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Sunni Brown

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Why is visual literacy discouraged in most cultures & WHAT CAN WE DO to change that?

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Visual literacy, if described as the ability to communicate via doodling, drawing, and sketching or described as the ability to display complex information in visual language formats, is often a literacy missing in adults despite it being a universal and natural inclination in children. Why does it disappear? And more importantly, what can we do to alter this course?

**ADMIN UPDATE: Sunni Brown has asked to extend her Conversation for two weeks. She will be jumping in to catch up with responses over the next two weeks. Happy posting everyone!


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  • Nov 1 2011: I am a visual learner, and I struggled with the way mathematics was taught at my school and university. I later did my own research into visual methods for learning the same things. For example, the water analogy for electronics, and ancient Greek (and older) methods for calculating geometries using shapes, which were more visual-based, and came before algebra. This really helped me and I think it would help other right-brained people if they were taught both ways.

    I think children should be taught both visually and verbally, to make learning more effective, and to reduce classroom problems that occur when teachers think in a different way to students. There is also the generation gap in brain structure caused by differences in environments while growing up - my generation grew up with computers, my teachers grew up with books - as a result, our brains are structured differently. Kids that think differently could fail classes just because the teacher isn't catering for different brain types. This puts kids off subjects like mathematics, science, engineering, electronics etc. which they could potentially learn if they were taught the right way.
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      Nov 1 2011: You are so on target!!!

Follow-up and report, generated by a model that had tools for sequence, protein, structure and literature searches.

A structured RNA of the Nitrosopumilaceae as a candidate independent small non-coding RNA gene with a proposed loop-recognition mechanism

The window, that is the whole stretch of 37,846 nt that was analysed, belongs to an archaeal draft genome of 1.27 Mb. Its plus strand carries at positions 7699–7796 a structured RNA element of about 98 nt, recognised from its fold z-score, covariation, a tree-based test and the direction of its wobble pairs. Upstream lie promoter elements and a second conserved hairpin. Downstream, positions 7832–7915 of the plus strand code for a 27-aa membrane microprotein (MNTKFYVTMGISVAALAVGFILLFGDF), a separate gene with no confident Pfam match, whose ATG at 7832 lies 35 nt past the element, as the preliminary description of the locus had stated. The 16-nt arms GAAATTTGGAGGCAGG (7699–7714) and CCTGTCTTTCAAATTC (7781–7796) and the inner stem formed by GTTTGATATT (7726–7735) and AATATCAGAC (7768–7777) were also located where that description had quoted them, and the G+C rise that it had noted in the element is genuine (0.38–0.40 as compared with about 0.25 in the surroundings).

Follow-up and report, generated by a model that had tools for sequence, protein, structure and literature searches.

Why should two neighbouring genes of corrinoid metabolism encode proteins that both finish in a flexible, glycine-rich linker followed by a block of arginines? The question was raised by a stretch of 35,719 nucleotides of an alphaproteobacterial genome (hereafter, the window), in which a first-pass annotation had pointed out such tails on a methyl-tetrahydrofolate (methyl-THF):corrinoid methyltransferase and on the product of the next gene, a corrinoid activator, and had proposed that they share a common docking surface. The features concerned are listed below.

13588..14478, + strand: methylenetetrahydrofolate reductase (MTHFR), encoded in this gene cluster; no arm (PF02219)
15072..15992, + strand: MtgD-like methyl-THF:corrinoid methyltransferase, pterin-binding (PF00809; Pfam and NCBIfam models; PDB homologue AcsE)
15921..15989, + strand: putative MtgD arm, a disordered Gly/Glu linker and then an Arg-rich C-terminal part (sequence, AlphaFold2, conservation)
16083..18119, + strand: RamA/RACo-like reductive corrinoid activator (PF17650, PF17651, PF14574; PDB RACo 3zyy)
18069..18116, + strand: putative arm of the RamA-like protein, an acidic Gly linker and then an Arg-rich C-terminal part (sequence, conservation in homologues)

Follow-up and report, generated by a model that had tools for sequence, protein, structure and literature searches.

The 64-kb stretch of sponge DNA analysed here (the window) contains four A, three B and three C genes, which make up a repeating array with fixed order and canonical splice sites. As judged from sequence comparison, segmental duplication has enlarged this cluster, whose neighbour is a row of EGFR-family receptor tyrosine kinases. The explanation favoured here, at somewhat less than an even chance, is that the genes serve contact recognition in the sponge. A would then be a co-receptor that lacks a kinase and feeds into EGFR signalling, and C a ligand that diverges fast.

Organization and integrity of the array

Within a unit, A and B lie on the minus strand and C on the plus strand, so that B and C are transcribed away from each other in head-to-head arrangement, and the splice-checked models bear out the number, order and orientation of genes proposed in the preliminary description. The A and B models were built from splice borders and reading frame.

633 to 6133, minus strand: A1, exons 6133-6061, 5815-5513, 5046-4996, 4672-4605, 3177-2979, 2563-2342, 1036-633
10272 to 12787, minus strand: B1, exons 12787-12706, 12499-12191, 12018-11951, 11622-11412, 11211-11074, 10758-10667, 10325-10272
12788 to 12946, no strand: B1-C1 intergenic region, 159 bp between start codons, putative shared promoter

And ancient Greeks knew how to do it, just look at the Socratic school -the Maieutica- where a SMALL group of students were guided by a wise teacher through an inquisitive thinking process, questioning everything and reviewing all accepted knowledge inside and out. The assumption was that we do not really know anything yet, we have to discover all. Also, that everyone was able to access this truths through this process.
      Outside, under the trees, with visuals and tactile experiences... it sounds very avant-garde if you ask me.

      I can hear Cher now, "If I could turn back time..."
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      Nov 1 2011: Math history has been the most appealing approach to the subject for me. By telling a story it explains the 'why' portion so well. Where it came from, how it got there, and why we do it the way we do today. When I found out that algebra was done with two parallel number lines it blew my mind. All of these ties with Greek history you mention would be tied beautifully into myth readings. These combinations offer an in depth learning experience.
      • Nov 1 2011: Guys, I absolutely agree! Also, I think teaching things alongside other material and showing how they are related further reinforces long-term memory. If you teach mathematics on its own, numbers, functions and their relationships can lack meaning. Applying the relationships in real world situations, adding a background story and history to why it is done that way really helps students.